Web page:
Activities, Access Control, and Crime: a Quasi-Experimental Study regarding Entry Gates at Train Stations in the Netherlands

Viviane M. Lindenbergh, Edward R. Kleemans, Joras Ferwerda

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Abstract

This article discusses a unique “natural experiment,” the introduction of entry gates at Dutch train stations and the potential effects of this on crime in the areas around these stations. A quasi-experimental study was carried out to show that introducing entry gates correlated with a drop in crime in these areas. After entry gates had been introduced, potential offenders could only enter train stations with a valid ticket, which meant that they would be less likely to enter or leave these stations and more likely to choose other places to hang around in or for entering and leaving trains. A dataset was created in which the crime rates around train stations were registered for each month in the years 2013 through 2018. The changing numbers of travelers at each station were also taken into account, as this variable probably correlates with the amount of crime. A two-way fixed-effects model was run on data for about 260 train stations, with and without entry gates, using the relative crime rate per thousand travelers as the dependent variable. Based on this relative crime rate, the use of entry gates was found to coincide with a decrease of 9% in crime, compared to a situation without entry gates. This study can inform policymakers about the potential effects of entry gates in particular and about situational crime prevention in general. Moreover, it illustrates how implementing measures at various locations at different moments enables the effectiveness of such measures to be tested more precisely and with more confidence.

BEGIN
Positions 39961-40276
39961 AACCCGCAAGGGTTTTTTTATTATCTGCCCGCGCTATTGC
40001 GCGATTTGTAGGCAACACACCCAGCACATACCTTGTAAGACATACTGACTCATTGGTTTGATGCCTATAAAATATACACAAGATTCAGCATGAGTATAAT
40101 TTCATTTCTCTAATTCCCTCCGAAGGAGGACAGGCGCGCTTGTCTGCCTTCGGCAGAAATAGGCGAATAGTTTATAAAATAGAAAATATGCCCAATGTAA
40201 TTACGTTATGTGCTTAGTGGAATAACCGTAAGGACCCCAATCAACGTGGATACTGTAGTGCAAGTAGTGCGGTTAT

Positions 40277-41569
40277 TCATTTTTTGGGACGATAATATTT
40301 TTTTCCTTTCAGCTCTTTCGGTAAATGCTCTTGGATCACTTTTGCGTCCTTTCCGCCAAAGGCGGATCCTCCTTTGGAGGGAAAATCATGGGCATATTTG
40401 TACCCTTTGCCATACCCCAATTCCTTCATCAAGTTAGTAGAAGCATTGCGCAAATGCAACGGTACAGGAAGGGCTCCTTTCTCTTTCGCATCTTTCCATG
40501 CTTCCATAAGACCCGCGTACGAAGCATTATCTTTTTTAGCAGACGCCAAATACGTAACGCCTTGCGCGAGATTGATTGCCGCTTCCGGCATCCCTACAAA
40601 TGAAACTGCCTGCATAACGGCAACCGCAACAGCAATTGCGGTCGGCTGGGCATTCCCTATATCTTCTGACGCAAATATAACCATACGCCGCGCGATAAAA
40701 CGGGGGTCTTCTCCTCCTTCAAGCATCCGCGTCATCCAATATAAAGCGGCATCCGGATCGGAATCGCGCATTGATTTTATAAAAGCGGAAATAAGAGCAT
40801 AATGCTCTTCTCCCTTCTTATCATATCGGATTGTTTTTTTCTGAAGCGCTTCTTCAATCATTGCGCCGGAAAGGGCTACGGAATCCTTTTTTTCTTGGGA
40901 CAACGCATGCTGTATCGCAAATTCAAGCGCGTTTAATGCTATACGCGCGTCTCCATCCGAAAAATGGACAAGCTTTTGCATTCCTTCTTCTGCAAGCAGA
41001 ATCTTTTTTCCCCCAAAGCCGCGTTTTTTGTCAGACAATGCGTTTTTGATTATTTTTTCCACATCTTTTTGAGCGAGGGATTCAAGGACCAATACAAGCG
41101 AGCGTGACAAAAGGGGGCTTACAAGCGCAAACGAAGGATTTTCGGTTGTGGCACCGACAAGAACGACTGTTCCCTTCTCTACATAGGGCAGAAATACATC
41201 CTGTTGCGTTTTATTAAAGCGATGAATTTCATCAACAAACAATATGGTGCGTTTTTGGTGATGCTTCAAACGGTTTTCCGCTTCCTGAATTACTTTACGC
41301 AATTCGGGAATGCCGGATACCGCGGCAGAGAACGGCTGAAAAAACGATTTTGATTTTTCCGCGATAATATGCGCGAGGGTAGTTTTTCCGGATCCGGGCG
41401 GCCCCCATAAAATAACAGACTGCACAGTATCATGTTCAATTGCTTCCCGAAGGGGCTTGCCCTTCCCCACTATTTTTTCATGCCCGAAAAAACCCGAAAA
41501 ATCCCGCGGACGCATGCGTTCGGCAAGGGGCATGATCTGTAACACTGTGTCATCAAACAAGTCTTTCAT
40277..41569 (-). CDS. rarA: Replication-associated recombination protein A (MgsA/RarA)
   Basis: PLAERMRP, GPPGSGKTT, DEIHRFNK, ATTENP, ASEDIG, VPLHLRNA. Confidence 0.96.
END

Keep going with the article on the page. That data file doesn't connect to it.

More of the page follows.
Original languageEnglish
JournalEuropean Journal on Criminal Policy and Research
DOIs
Publication statusPublished - 27 Nov 2020

Keywords

  • Crime
  • Defensible space
  • Quasi-experimental research
  • Routine activities
  • Situational crime prevention

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